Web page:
What was a surprise to Jeremy Liew in terms of market evolution?
“One of the things that surprised us a little bit was that [Snapchat] was very strong in Southern California, Northern California, and Georgia, when we first invested, and parts of the South. Within a few months, it had hopped to Norway, and it had built a very, very large following, which had actually transcended the high-school and college-age population, and in fact became the #3 most downloaded app, most popular app, in Norway at that time. So ahead of Instagram, ahead of Facebook, and so forth. And so that’s what I think gave us that early indication that the app was going to be able to break out beyond its high school, college student, initial starting point, not just in the US, but everywhere.”
What did the Snap user-to-install count look like at the time?
“In March/April of 2012, they had about 90,000 daily active users off the base of 180,000 installs.”
How does this compare with others in the consumer social space?
“That’s a very, very high ratio.”
What were Snap’s retention numbers at the time?
“50% retention after 90 days, which again, suggests high engagement, high retention, high growth that speaks to upside volatility”
How did Snap’s frequency of usage on an individual basis look like?
“People were opening the app six times per day, they were opening at least once every second day.”
Across retention, usage and user-to-install, what are the benchmarks for great, good, and average?
“I would say as a rule of thumb, in messaging and social networks, you would want to see at least a DAU/MAU ratio north of 50%. And you would want to see at least a D30 of say 30% to 40% for something to really be working and to be at that outlier level.”
What unique insight does Jeremy believe that Evan always held for the company and the product?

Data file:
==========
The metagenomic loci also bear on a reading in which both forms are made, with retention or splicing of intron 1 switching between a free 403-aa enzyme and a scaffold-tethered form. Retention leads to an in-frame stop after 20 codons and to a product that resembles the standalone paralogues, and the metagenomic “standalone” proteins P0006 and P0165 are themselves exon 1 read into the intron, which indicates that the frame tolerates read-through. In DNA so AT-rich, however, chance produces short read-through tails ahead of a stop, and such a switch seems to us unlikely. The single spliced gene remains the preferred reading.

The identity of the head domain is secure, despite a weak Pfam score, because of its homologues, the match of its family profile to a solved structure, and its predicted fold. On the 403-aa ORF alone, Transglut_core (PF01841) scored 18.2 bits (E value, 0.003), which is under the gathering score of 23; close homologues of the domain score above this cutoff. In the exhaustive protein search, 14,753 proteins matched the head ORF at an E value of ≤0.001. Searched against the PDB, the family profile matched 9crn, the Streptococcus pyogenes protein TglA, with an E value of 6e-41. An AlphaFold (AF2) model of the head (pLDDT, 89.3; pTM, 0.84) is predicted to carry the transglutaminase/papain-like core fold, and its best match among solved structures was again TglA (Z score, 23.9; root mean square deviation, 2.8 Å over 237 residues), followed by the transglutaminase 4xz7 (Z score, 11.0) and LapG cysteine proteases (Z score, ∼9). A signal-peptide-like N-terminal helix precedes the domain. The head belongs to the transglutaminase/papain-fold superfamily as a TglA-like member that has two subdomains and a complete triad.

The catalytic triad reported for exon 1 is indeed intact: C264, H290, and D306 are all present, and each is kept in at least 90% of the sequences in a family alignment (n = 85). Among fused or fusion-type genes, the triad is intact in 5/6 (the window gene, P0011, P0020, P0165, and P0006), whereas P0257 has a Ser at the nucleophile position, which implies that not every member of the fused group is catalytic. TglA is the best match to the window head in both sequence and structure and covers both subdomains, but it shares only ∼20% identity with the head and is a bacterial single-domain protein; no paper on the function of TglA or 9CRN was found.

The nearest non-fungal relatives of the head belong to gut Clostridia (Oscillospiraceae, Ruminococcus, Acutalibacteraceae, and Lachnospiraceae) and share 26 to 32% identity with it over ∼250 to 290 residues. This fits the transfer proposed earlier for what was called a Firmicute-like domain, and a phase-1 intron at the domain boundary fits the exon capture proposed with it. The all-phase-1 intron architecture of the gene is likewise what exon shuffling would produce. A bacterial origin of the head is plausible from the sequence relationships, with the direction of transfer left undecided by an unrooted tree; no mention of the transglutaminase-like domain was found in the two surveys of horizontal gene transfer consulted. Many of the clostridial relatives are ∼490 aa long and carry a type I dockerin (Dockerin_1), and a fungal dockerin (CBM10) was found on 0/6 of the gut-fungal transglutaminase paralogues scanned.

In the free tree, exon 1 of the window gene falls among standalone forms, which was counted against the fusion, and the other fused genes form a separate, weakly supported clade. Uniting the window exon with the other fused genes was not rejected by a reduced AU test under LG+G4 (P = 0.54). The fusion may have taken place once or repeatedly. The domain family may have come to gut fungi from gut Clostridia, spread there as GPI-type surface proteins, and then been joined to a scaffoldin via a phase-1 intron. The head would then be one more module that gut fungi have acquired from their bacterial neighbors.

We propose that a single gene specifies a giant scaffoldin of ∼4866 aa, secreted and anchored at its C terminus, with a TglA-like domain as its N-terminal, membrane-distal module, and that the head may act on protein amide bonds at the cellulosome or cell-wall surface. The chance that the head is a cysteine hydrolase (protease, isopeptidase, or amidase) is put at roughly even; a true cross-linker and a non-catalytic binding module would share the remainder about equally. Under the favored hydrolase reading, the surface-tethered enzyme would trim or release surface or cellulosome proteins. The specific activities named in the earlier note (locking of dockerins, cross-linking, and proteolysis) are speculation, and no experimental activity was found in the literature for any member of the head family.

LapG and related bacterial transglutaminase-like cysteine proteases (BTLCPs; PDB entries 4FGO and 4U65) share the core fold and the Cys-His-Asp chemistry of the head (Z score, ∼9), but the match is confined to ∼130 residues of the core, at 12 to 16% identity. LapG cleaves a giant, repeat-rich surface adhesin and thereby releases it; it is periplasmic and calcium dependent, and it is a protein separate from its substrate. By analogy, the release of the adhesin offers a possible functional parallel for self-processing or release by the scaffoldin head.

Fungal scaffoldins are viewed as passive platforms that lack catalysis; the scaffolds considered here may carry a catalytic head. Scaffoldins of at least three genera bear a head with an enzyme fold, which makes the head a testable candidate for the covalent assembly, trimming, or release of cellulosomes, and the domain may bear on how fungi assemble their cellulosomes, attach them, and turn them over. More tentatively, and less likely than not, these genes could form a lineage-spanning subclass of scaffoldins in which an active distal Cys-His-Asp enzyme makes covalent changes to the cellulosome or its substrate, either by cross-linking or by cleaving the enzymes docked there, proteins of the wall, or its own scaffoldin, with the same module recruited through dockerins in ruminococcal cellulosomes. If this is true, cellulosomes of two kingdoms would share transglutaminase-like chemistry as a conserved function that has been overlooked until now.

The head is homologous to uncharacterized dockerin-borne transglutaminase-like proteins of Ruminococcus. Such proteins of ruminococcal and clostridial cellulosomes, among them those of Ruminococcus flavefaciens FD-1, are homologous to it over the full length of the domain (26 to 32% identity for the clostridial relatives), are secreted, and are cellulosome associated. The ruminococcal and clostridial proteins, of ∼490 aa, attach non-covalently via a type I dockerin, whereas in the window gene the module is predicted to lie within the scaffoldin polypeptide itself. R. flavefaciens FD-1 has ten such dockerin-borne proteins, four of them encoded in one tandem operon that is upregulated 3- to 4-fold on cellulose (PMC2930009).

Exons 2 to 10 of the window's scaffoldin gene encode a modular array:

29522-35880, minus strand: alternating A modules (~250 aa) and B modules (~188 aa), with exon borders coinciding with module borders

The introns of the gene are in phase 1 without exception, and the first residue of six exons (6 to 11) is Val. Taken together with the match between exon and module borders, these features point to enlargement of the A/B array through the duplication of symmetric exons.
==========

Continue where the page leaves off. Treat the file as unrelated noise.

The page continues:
“One of the things that was so special about Evan, and that I think, has continued to contribute to the success of the company has been that he’s always been able to look at something with fresh eyes, and not iterate over what the current state of the art is, just from first-principles basis.”
How has Jeremy seen Evan change and evolve as a leader?
“I think his maturity as a business leader, as a leader of people, as a manager, as a strategist – although he always had very good strategic instincts – they’ve just continued to grow and evolve and blossom.”
What were some of the big inflection points in Evan’s development?
“So, the feed has always been up until this point, in reverse chronological order, I think largely because that’s what Friendster chose to do. And then Evan comes along. He says, How do you tell stories beginning, middle, end. Now go to social media. How do they tell stories? Reverse chronological order means end, middle, beginning. Well, that doesn’t make any sense. And so he said, we’re going to create a whole new feed of stories, and they’re going to be told in chronological order beginning, middle, end, and make it expire after 24 hours, because that’s the ephemerality that is so core to what Snapchat stood for.”
Who are some unsung heroes from the Snap journey that were transformational?
“Bobby doesn’t get enough credit. From the very beginning, from I think maybe a couple of months in, [Bobby] was thinking about the breakthroughs that had been happening in computer vision and the implications for what that could build.”
“The second one I would say is Imran Khan, who joined as Chief Strategy Officer from Credit Suisse back in around 2013. Imran really helped take a lot of the load off of Evan, and he allowed Evan to focus on product engineering. He took over sales and monetization, ops. He did a lot of the financing work in the time when Snapchat raised a lot of capital.”